EDF decision on Hinkley Point due in May
French economy minister Emmanuel Macron says EDF will now make a final investment decision on the Hinkley Point nuclear reactor in early May.
A decision on the £18bn nuclear plant had widely been expected on 30 March.
EDF, which is 85% French state owned, has yet to outline how it will fund the project.
Speaking before the French parliament's Economic Affairs Committee, Mr Macron also said it was unlikely EDF would choose not to take part in the project.
"The principal nuclear project in the developed world is Hinkley Point," Mr Macron said.
"Can we legitimately choose not to take part in the largest nuclear project in the developed world? For my part, I don't think so."
Analysis: By Simon Jack, BBC News business editor
EDF faces substantial risks if it goes ahead with Hinkley Point.
Not only does it have to come up with the cash to complete the project - it also has to find €55bn to service France's ageing 58-strong nuclear power station fleet.
Hinkley is not the only call on the French giant's purse. Having said that, it is the biggest.
The Somerset project will soak up 15-20% of all the French company's cash over the next decade.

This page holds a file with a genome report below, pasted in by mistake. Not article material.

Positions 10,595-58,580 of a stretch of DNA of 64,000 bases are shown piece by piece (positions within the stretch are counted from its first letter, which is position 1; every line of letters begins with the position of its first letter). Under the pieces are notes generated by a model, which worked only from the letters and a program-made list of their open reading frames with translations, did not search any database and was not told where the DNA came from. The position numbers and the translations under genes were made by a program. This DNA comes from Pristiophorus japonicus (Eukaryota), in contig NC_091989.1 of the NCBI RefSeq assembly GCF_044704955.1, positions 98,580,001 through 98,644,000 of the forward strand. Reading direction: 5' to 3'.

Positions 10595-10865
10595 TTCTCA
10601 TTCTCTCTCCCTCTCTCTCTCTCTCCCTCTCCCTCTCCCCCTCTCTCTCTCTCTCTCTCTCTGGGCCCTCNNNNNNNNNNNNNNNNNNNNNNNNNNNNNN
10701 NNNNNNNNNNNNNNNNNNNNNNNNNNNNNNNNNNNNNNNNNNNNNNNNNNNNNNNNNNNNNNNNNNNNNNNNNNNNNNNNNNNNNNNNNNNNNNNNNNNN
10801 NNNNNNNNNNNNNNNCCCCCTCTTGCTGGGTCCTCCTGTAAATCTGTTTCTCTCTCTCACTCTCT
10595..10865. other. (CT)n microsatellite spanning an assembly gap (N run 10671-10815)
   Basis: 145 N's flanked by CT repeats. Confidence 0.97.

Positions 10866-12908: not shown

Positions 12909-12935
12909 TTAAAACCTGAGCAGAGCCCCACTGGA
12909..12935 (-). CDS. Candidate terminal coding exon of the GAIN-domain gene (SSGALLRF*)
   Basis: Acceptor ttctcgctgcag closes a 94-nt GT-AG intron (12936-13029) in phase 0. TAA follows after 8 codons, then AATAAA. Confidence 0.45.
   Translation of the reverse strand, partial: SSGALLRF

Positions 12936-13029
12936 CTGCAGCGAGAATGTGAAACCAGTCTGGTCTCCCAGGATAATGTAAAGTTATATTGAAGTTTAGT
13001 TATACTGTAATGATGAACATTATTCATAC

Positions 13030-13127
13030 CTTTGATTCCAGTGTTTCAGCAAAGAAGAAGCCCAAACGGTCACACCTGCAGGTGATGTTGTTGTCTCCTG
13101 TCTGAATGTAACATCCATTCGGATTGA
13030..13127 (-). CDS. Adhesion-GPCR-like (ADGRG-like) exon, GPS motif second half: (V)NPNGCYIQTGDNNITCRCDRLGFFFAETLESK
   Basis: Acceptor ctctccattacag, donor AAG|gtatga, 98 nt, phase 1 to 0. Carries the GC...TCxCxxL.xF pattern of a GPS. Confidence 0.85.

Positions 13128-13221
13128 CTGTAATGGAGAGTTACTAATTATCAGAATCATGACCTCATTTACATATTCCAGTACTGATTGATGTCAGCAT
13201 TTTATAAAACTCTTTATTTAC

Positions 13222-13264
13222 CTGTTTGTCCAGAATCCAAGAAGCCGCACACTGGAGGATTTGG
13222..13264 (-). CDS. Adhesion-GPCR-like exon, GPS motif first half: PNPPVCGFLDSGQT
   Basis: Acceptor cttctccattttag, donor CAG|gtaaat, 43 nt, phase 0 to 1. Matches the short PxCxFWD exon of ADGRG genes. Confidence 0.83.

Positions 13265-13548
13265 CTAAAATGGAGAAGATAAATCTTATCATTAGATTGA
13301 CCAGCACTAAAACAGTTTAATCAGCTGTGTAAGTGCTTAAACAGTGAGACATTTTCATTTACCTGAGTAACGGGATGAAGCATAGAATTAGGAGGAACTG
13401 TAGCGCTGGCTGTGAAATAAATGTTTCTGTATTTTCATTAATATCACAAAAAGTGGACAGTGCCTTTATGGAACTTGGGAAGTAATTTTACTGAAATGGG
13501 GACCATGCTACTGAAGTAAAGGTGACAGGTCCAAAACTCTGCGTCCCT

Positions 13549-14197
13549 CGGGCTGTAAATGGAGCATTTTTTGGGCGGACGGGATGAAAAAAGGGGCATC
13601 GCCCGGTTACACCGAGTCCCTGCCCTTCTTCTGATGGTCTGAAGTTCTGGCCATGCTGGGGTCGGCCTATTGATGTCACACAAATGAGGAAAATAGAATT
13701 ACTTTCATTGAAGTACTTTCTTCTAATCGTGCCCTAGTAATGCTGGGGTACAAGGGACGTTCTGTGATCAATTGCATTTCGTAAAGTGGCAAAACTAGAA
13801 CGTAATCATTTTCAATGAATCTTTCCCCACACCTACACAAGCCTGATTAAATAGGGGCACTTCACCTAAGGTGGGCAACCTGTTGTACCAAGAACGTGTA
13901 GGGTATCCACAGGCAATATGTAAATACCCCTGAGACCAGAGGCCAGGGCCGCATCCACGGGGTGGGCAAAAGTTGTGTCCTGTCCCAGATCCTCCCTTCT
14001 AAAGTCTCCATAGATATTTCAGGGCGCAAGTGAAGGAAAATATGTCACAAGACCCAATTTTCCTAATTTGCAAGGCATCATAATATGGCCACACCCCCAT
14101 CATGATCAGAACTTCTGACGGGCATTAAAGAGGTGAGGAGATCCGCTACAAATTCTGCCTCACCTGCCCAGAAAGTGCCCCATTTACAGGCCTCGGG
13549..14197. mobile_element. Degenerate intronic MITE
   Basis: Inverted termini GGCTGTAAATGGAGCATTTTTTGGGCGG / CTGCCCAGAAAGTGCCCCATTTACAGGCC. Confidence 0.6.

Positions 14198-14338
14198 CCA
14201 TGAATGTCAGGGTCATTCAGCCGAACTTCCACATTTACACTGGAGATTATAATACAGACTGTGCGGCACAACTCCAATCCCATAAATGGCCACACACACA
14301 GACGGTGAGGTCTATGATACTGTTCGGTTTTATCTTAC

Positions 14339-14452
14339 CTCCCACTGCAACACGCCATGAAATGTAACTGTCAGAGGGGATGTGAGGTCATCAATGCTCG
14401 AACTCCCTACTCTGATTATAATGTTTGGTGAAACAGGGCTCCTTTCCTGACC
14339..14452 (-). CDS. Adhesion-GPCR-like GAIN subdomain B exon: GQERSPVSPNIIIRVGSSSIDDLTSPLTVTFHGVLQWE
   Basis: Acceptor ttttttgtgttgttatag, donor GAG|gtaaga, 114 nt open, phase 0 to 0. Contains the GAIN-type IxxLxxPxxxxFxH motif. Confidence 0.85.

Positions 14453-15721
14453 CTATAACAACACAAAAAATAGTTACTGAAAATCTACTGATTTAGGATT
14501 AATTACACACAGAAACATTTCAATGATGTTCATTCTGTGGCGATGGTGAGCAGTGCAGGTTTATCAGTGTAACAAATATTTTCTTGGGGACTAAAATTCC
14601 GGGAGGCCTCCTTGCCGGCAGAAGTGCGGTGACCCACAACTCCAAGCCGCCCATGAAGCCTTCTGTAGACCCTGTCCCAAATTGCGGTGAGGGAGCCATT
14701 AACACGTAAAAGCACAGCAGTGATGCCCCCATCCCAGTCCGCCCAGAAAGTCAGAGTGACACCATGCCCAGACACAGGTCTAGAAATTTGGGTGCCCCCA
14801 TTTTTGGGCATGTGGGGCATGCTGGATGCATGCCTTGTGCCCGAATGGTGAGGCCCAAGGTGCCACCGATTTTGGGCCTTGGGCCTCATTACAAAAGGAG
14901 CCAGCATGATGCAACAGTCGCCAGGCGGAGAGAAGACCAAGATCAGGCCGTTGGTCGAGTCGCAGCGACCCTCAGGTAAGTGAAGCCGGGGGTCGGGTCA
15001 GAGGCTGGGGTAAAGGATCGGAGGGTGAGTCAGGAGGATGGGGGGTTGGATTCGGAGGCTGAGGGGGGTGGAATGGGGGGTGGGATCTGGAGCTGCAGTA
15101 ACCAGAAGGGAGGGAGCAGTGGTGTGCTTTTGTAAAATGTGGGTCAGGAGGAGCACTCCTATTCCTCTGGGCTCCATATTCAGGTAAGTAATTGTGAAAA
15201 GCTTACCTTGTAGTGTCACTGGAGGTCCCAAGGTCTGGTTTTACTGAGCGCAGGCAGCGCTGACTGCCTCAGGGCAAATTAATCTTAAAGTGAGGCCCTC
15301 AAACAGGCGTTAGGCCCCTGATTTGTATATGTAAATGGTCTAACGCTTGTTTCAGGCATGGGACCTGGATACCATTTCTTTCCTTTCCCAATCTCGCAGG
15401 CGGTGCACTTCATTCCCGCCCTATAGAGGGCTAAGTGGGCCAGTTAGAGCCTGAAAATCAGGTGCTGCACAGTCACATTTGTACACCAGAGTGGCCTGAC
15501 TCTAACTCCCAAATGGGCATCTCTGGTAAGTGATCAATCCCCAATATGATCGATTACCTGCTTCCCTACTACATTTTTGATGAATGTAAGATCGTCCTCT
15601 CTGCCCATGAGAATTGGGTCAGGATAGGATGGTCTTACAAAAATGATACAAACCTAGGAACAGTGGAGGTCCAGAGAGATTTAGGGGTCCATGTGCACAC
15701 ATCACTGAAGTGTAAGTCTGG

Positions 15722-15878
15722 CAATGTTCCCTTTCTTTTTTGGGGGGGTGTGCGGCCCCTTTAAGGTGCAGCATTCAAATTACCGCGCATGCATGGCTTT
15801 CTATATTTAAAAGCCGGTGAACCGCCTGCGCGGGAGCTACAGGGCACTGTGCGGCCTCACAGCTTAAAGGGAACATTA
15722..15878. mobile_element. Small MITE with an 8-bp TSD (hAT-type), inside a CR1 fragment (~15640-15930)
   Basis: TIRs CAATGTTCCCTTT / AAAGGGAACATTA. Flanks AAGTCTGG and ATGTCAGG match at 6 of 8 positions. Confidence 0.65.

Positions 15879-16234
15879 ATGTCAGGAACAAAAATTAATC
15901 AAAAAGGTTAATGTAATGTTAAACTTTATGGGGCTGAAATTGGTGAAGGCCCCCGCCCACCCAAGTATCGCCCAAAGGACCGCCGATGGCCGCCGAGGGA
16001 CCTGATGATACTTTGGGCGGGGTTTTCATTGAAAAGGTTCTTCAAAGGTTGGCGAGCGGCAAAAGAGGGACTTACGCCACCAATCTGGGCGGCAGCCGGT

Earlier, referring to the movement of the decision date, he said to the committee: "Why the start of May?
"It must be taken before the general assembly of EDF, and it's important that we give our British partners full visibility of this investment, which is absolutely critical for them... also before the deadlines which are important for them."
Mr Macron continued: "So we need to make the most of the coming weeks but there is no urgency to decide by the end of the month, because we need to work on a number of measures which are over and above Hinkley Point."
He was also keen to emphasise that Hinkley Point was not the cause of the short term financial problems of EDF.
The UK government has been criticised for guaranteeing a price of £92.50 per megawatt hour of electricity - more than twice the current cost - for the electricity Hinkley produces for 35 years.
But Mr Macron said that the guaranteed price from the UK government "allows us to guarantee the profitability of the project at around 9% a year for 60 years".
Mr Macron added: "So beyond the short term financial difficulties it is a good industrial and financial investment for the long term for EDF."
Earlier this month EDF said it was confident the plant would go ahead despite uncertainties over its funding.
Then, in a letter to staff, the company's chief executive Jean-Bernard Levy said the project needed to secure more funding from the French government.
He said the financial context was "challenging" and he was negotiating with the French state.
The UK government has said it is "committed" to Hinkley.